This show is supported and produced by Whitman Partners. This is a narrative inquiry project designed to share frontline stories and wisdom from experienced peri-operative leaders engaged in the management of the COVID-19 pandemic. Our presenter is Dr. Margaret Below, she is an experienced Peri-operative Nurse Director, Mind-Body Medicine Practitioner, and creator of The Vital Self; a virtual healing space dedicated to holistic wellness coaching. https://thevitalself.com/ Dr. Below is joined by Ruth Diaz. Ruth is a nurse leader with decades of expertise in both financial logistics and hospital operations. She has clinical nursing knowledge in addition to her leadership nursing roles in long...

This show is supported and produced by Whitman Partners. This is a narrative inquiry project designed to share frontline stories and wisdom from experienced peri-operative leaders engaged in the management of the COVID-19 pandemic. Our presenter is Dr. Margaret Below, she is an experienced Peri-operative Nurse Director, Mind-Body Medicine Practitioner, and creator of The Vital Self; a virtual healing space dedicated to holistic wellness coaching. https://thevitalself.com/ Dr. Below is joined by Dr. Charlene Wade. Charlene, fondly known as Charlie is an experienced nurse leader and perioperative educator. Charlie's career spans decades of leadership serving in several types of organizations including academic facilities, level...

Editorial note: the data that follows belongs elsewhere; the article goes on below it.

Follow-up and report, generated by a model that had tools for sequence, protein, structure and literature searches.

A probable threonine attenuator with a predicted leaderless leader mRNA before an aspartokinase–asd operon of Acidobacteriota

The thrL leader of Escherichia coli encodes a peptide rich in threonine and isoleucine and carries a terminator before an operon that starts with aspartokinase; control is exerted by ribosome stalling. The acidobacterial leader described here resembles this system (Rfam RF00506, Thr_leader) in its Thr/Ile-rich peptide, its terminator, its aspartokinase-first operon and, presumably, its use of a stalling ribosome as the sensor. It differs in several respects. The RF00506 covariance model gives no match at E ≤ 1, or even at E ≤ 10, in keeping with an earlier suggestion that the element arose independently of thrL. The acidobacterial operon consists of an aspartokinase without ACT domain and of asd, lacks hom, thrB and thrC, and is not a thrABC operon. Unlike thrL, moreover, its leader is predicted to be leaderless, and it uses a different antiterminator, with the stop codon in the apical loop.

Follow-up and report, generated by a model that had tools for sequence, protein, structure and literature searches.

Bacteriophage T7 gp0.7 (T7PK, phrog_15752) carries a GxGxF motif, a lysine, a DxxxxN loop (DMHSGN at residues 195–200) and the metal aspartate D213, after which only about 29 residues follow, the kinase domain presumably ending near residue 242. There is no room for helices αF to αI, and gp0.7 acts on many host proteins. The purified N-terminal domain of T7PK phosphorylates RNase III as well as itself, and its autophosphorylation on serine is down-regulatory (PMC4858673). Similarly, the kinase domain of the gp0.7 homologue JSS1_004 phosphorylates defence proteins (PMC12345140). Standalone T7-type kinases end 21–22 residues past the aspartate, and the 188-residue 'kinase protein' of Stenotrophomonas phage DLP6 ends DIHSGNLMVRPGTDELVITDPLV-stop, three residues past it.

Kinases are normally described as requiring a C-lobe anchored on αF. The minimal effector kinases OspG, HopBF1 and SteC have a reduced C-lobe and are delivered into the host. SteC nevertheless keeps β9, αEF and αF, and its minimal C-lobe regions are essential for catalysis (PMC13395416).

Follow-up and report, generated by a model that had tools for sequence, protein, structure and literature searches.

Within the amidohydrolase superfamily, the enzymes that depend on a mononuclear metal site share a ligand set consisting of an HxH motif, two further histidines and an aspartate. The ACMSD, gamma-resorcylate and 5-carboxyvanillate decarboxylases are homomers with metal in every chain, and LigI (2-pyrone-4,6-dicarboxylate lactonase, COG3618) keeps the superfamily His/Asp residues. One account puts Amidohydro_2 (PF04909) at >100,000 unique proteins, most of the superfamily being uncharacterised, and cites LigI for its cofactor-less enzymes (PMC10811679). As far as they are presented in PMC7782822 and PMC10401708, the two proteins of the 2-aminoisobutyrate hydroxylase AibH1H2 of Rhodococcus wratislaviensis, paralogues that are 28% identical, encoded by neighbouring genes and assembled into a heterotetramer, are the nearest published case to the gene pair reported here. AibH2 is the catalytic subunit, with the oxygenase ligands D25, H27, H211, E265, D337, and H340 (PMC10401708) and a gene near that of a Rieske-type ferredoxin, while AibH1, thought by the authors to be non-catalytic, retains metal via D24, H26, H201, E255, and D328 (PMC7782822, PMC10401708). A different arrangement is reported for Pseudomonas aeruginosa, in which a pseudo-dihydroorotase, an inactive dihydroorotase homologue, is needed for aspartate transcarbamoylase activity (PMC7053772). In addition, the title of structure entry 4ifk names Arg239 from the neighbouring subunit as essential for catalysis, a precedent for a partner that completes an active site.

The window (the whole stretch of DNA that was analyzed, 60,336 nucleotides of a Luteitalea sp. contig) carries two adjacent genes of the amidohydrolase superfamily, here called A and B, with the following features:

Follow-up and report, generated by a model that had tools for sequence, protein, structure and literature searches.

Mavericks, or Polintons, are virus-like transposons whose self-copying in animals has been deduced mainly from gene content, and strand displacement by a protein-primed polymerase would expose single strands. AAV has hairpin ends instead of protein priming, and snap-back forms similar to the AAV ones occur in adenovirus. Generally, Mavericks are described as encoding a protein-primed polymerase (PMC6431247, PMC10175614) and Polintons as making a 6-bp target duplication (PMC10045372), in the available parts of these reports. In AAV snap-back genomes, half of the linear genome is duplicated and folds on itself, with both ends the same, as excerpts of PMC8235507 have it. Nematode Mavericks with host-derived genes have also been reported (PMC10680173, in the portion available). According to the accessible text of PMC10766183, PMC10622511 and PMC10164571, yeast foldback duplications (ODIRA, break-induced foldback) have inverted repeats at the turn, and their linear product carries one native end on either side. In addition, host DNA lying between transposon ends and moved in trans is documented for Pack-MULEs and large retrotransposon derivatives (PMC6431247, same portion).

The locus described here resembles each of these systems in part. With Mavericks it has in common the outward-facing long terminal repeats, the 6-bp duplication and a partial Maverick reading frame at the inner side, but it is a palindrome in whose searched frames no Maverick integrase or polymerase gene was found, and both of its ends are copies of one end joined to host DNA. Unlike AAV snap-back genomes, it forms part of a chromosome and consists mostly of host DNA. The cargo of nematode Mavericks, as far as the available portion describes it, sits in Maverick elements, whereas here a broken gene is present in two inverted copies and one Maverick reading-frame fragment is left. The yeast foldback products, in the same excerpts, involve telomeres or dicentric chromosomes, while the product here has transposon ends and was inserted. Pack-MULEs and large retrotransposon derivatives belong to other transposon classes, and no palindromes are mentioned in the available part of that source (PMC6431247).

Your resume should always reflect your most recent, relevant and most valuable skills. Now is agreat time to think about your recent accomplishments and add them to your resume. You neverknow when the next awesome job opportunity will arise.   Tips to Consider Write concise explanations of your past experience which is 15 years or older. Remove experience that is not relevant. Make your experience section easy to skim. Long paragraphs, too many bullets can be problematic. It’s best to alter between short paragraphs and bullet lists. In your experience section, be sure to list the attributes of the facilityyou worked at,...